In this week's Matt Chat, I look at The Sims, one of the many games given its own chapter in our book Vintage Games. I enjoyed reviewing the game and hope you'll like the video! As usual, please rate it, subscribe to my channel, leave a comment, etc. It's a lot of work making these, so please let me know if you find it worthwhile.
Why are so few women interested in gaming? The answer is simple: Itâ€™s the binary, stupid.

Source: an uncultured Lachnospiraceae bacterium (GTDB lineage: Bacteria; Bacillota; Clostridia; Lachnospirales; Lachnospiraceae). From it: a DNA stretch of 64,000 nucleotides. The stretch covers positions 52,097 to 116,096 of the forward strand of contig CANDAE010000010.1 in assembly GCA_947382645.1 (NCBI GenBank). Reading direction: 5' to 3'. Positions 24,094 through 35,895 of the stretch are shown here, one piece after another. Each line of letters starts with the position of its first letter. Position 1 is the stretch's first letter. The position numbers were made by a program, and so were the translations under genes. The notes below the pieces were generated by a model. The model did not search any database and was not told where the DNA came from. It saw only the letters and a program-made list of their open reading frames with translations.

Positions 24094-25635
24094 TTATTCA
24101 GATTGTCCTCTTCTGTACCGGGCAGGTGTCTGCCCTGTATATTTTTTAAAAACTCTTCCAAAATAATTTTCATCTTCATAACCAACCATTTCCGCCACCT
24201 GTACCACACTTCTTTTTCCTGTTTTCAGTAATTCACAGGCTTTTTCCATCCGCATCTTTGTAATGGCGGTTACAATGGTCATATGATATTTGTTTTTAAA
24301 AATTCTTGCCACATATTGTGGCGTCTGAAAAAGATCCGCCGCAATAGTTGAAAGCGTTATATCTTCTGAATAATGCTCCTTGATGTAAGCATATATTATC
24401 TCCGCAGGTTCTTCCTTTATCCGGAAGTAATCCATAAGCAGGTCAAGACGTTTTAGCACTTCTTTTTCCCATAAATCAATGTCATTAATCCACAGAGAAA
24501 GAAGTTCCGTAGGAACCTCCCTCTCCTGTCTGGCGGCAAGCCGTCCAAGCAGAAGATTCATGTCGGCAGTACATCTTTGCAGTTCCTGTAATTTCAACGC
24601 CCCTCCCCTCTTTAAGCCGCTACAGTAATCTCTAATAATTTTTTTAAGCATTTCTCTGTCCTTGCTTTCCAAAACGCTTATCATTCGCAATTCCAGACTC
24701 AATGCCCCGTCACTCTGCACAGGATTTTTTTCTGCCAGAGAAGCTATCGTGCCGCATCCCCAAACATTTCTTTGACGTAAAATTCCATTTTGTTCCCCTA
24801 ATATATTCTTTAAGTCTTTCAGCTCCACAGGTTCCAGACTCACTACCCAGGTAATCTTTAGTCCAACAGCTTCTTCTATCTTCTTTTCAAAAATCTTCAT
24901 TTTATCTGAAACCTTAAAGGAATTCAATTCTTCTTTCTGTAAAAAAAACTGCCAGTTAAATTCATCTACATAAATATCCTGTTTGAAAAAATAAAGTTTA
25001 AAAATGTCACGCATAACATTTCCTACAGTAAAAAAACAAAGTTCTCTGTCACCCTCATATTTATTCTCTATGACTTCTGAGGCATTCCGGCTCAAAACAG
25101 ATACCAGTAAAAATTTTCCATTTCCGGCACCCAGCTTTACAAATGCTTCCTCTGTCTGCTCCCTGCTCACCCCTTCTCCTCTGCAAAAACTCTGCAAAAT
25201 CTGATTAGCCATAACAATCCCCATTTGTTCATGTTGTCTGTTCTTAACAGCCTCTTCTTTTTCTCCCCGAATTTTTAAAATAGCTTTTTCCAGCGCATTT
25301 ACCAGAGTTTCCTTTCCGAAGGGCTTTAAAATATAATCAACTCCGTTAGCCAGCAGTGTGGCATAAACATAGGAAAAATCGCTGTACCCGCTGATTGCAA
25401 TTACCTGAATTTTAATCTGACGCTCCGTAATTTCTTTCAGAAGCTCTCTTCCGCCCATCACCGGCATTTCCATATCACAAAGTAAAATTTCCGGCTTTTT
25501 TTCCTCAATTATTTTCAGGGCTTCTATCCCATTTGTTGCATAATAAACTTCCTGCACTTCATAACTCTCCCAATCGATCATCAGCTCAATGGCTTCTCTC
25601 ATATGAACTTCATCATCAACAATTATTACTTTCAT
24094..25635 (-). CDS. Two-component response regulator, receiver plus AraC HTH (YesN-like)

Every six months or so there's a little flare up in the media about how the videogame industry has failed women. The usual argument is that 99.9% of games are designed for and marketed exclusively for young males, and women (as well as gay players) are ignored. Game developers and publishers donâ€™t care about women because women donâ€™t care about videogames. And so it goes. While this argument is ill-informed (it totally ignores the amazing success of Her Interactive's Nancy Drew series, which has been a hit among pre-teens as well as adult women of all ages), Iâ€™m the first to admit that there is a problem when the few games that do feature women use them primarily as sex objects. However, rather than blame the game industry and give the same old tired statistics and claims, I think it's time someone pointed out that the true problem is the hardware: or, more specifically, the architecture of the computer itself. It is my belief that the computer's architecture was itself designed with and for a particular mindset, one most comfortable in the world of "binary," or simple either/or decisions--in short, the masculine mind. This fact has made it especially difficult for women to become proficient in programming and, by extension, the computer industry as a whole, since all programs (applications as well as games) have been built on this masculine framework.